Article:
Microsoft acknowledged a bug in its Desktop Bridge technology last night that could crash Windows 10 with the error KERNEL_SECURITY_CHECK_FAILURE and potentially put your machine into an endless boot loop.
You may recall that Desktop Bridge (previously Project Centennial) is a new feature in Windows 10 Anniversary Update that allows developers to take Win32 and .NET apps and plug them into the Universal Windows Platform and ship them via the Windows Store.
I used this technology to get handy utility EarTrumpet into the Windows Store last month. It’s fantastic stuff.
But it’ll be even better when it’s safer to use.
Right now, simply launching an affected app – like EarTrumpet, Kodi, Tweeten, Arduino IDE, or Evernote – could crash your machine. Or they could work for a while and crash the machine later. Worse, if any of those apps are configured to start at boot, you could end up in an endless reboot-crash-reboot cycle.
Users running Windows 10 and the latest AMD Catalyst drivers represent the popular class of folks having the issue. But the problem isn’t specific to AMD customers. It could snag you via another driver that Microsoft hasn’t seen yet.
Looking at the crash dumps I’ve received from EarTrumpet users, it seems the issue boils down to some bad assumptions made by both driver makers and Microsoft surrounding registry access from kernel space.
Driver makers, for example, are still accessing the registry (via RtlQueryRegistryValues) in a manner that hasn’t been safe for several years. But that dusty code may not have been updated because the operating system wasn’t moving around the registry cheese, so to speak. Assumptions held true and everything worked great until now.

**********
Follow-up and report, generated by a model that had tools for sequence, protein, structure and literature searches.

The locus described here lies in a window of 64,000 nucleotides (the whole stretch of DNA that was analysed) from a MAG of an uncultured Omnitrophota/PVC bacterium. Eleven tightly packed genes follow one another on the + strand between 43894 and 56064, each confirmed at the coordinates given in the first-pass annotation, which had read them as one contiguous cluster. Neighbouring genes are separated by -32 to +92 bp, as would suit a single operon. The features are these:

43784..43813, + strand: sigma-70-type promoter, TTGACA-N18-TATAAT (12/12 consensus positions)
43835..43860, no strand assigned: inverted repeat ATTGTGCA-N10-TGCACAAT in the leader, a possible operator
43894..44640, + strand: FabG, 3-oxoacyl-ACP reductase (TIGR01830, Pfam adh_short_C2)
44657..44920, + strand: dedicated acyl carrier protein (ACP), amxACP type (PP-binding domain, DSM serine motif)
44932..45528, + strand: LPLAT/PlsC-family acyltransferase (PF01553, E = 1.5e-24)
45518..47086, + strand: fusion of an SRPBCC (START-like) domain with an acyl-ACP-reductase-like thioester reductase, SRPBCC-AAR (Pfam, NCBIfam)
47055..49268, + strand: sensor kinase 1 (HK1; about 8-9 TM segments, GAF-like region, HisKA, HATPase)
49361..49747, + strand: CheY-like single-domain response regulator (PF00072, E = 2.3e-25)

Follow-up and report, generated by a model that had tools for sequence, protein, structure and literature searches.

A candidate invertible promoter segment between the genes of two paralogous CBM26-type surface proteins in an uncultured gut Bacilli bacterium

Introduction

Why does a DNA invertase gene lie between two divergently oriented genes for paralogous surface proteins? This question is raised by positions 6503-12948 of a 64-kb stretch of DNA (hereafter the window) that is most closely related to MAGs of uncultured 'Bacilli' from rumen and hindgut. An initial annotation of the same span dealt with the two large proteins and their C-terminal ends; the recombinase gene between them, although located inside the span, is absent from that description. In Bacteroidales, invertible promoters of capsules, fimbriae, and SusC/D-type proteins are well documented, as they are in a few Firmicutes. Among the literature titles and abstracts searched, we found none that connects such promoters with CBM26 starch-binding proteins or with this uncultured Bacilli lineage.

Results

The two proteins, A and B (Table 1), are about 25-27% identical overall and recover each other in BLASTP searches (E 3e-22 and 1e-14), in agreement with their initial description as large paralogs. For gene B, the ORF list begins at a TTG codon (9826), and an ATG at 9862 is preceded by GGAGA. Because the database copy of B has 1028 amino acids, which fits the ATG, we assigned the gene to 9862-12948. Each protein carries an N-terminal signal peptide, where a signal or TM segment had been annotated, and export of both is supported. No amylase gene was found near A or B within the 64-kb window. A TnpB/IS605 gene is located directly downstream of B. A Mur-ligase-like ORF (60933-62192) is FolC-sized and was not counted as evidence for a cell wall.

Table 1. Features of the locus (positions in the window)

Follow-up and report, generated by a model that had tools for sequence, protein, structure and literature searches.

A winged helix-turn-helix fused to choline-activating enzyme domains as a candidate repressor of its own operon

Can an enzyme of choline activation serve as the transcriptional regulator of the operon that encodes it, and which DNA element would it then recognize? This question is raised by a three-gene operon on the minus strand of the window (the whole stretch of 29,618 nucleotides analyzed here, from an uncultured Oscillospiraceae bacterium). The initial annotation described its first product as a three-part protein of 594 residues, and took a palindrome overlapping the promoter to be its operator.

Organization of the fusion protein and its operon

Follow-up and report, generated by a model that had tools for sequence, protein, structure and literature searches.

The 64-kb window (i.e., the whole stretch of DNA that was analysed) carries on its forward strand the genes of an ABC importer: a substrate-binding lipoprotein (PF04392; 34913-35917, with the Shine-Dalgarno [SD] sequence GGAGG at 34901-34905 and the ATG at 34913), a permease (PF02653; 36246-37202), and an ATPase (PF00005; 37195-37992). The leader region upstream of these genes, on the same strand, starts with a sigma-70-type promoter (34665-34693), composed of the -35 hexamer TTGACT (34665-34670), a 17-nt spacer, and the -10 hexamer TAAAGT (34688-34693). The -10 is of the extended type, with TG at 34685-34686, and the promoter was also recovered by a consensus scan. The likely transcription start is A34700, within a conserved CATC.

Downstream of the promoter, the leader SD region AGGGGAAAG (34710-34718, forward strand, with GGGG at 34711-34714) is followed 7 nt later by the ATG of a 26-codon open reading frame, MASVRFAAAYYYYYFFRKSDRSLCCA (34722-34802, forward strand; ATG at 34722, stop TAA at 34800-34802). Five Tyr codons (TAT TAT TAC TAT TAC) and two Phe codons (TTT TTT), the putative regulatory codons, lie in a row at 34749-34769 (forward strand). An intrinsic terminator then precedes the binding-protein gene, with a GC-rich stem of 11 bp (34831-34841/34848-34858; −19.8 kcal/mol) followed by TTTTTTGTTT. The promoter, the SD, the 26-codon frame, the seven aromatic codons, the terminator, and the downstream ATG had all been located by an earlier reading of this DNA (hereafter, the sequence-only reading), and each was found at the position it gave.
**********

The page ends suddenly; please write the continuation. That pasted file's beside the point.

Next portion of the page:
Microsoft should have found this in its testing. But the feature didn’t get a lot of attention because it shipped non-functional Desktop Bridge tooling in many of its Windows Insider builds, and apps built on the stuff weren’t allowed in the Store until last month. (Though, it’s not clear Windows Insider testing would have caught this issue due to the low variability of machine configurations. Ars Technica’s Peter Bright has written about this topic great length and it is worth a read.)
Hindsight is 20/20, of course. And there is some good news to be had here: Microsoft already fixed the issue internally. You should see a fix go out to Windows Insiders very soon and, barring any issues, to everyone else this month.
I’ll follow up with an all-clear when that happens.